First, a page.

Innovations in science and engineering have driven economic growth in the United States over the last five decades. More recently, technology has risen to become a defining driver of productivity in business and industry. In that context, college graduates in science, technology, engineering, and mathematics (STEM) disciplines provide critical talent that fuels America’s competitive ability. Unfortunately, the United States is not producing enough STEM specialists, STEM teachers, or STEM-literate citizens to sufficiently drive innovation, spur economic growth, and produce engaged, informed leaders and citizens.
Leaders in business, education, and government have recognized that the United States must develop more home-grown talent in STEM disciplines to meet workforce demand. Today, too few of our students are prepared for and interested in pursuing training, degrees, and careers in STEM-related fields. Moreover, as baby-boomer STEM workers rapidly approach retirement age, their replacements will increasingly be women and minorities, two groups that historically have had low participation rates in these fields.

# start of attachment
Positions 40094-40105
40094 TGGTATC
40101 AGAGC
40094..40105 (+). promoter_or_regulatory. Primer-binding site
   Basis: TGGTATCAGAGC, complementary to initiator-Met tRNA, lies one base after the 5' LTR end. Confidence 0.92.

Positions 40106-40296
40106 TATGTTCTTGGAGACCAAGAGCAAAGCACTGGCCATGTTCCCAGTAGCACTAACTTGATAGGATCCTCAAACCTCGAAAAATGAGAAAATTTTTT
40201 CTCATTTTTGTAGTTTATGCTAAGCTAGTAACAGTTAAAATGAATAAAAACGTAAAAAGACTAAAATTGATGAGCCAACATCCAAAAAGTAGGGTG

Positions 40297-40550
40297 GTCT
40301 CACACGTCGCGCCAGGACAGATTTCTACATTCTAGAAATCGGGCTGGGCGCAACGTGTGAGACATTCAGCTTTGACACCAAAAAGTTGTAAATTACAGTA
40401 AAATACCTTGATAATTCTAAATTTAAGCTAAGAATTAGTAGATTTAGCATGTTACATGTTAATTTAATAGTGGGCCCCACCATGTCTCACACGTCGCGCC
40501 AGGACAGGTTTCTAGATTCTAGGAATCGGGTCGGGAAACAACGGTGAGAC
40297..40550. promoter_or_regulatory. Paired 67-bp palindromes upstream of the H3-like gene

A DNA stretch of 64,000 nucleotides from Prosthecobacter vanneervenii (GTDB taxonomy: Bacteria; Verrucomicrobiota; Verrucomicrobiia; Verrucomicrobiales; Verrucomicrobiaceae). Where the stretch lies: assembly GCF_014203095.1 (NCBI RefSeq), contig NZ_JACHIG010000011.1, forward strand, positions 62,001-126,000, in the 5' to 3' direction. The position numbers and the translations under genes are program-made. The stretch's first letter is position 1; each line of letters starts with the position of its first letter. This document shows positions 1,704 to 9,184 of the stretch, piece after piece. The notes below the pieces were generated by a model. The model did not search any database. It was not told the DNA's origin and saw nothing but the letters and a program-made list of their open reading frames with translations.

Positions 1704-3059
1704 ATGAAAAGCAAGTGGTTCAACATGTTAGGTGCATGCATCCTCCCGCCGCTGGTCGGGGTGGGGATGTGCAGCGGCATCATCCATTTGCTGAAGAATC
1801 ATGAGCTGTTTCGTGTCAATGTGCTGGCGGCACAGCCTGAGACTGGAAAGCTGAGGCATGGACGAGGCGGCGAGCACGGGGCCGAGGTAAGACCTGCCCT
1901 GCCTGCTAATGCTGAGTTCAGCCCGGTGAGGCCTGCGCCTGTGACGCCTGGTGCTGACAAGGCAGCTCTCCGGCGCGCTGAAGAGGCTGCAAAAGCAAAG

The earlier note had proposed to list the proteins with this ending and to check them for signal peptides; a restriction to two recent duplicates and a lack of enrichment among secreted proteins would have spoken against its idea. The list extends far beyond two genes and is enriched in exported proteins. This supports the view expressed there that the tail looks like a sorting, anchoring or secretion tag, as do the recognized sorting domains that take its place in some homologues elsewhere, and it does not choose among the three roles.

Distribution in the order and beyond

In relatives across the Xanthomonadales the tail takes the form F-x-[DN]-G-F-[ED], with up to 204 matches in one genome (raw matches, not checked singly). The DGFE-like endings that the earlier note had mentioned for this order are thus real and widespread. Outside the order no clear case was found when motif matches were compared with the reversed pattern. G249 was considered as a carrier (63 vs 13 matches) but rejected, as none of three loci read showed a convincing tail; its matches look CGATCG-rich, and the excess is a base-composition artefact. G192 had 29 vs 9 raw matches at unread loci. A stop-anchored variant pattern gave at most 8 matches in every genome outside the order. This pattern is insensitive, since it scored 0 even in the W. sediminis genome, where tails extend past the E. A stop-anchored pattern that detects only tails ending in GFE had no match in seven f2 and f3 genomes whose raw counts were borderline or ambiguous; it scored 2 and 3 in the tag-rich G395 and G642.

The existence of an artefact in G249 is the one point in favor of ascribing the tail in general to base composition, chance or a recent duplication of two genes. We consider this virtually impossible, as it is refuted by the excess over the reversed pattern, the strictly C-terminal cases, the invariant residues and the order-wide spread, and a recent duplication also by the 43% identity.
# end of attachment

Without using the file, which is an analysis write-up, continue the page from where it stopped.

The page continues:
This brief is part of the BHEF STEM Workforce and Policy Brief Series, which focuses on important dimensions of the education and workforce misalignment challenge facing the United States. Through this series, BHEF will further analyze 10th and 12th grade student STEM interest and math proficiency, as well as postsecondary enrollment using a longitudinal data set provided by BHEF member organization ACT. These analyses will provide fresh insights into the nature of the STEM challenge and explore unique solutions to these challenges.